Design a Projectile Launcher

Design a spring-loaded gun to shoot a projectile to your worst enemy. The conceptual design of this gun is shown on the next page.
It consists of a commercially available pipe (1), 
bottom cap (2) 
with an opening for the trigger pin, trigger pin (3), 
piston (4),
threaded rod (5) 
with a machined groove (6) to engage the trigger pin, 
nut (7), 
projectile (8), 
helical spring (9) 
and  aerodynamic projectile nose (10) of negligible weight.

 The projectile has a mass of 0.5 lbm. The target is located on the ground and 250 ft away. The gun will shoot from the ground level at an angle that maximizes the horizontal reach of the projectile. The spring must be preloaded (i.e. compressed) in order to install inside the gun and provide an initial compressive force. The force required to pull the trigger pin should be less than 50 lbf. 

The spring is compressed to solid length by tightening the nut with a power wrench. The trigger pin is inserted through the bottom cap and into the groove to secure the gun in the loaded position. The nut is then backed up all the way and the trigger pin pulled by hand to shoot.

Specify all design parameters listed below. Make all necessary choices and assumptions, which should be listed along with your calculations. Use sound engineering judgement. Provide a professionally written calculation package and schematics to get full credit. Use Excel, MathCAD or MathLab to facilitate design iterations and provide detailed screenshots of inputs and outputs. Comply with all notes listed on the cover page.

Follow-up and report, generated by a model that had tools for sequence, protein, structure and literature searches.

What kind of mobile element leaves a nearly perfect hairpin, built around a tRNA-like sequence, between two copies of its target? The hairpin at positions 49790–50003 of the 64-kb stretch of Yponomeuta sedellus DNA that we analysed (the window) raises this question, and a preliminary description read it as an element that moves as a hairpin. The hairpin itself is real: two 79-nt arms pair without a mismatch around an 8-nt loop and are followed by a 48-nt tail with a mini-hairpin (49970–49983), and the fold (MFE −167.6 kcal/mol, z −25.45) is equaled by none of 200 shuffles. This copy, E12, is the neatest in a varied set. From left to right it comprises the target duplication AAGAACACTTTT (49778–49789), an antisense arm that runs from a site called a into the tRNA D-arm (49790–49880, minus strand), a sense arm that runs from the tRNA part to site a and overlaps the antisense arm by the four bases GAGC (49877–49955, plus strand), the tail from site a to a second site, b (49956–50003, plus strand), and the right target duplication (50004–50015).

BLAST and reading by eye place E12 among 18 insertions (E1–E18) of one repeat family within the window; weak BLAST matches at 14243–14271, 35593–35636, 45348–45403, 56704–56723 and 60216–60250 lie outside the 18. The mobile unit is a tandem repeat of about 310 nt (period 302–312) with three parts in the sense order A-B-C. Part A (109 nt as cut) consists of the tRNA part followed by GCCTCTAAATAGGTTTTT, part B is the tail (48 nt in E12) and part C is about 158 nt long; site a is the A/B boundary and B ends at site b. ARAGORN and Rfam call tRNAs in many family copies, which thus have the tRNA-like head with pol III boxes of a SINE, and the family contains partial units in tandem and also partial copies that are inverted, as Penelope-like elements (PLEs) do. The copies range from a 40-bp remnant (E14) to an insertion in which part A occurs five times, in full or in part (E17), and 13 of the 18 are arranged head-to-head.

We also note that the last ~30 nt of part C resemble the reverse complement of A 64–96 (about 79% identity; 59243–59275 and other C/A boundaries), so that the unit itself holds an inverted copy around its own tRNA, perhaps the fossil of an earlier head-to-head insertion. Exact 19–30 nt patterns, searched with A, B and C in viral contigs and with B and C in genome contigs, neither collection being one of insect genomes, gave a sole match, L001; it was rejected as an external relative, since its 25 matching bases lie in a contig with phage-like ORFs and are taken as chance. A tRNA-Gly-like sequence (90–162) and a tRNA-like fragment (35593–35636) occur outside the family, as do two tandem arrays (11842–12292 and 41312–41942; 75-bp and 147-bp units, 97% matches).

1) Projectile velocity and angle when exiting the gun.
2) Stroke or distance traveled by the piston to shoot.
3) Distance that the spring should be preloaded or compressed when installed.
4) Outside diameter (OD) and length of the projectile knowing that it’s made of aluminum 7075-T6 tubing having 1/8” wall thickness.
5) Diametral clearances between pipe and spring, and between pipe and projectile.
6) Internal diameter (ID) of the pipe. 
7) Mean diameter, wire diameter, material choice, spring constant, spring index, number of active coils, total number of coils, solid length, free length, pitch, maximum spring force, minimum spring force, maximum stress, static safety factor, critical length, weight, natural frequency and fatigue safety factor of the spring based on Gerber. 
8) If necessary, consider the use of nested springs, in which case, all the parameters listed in item 7) should be specified for each spring.
9) Nominal diameter, thread type and material choice for the threaded rod.
10) Rod groove dimensions.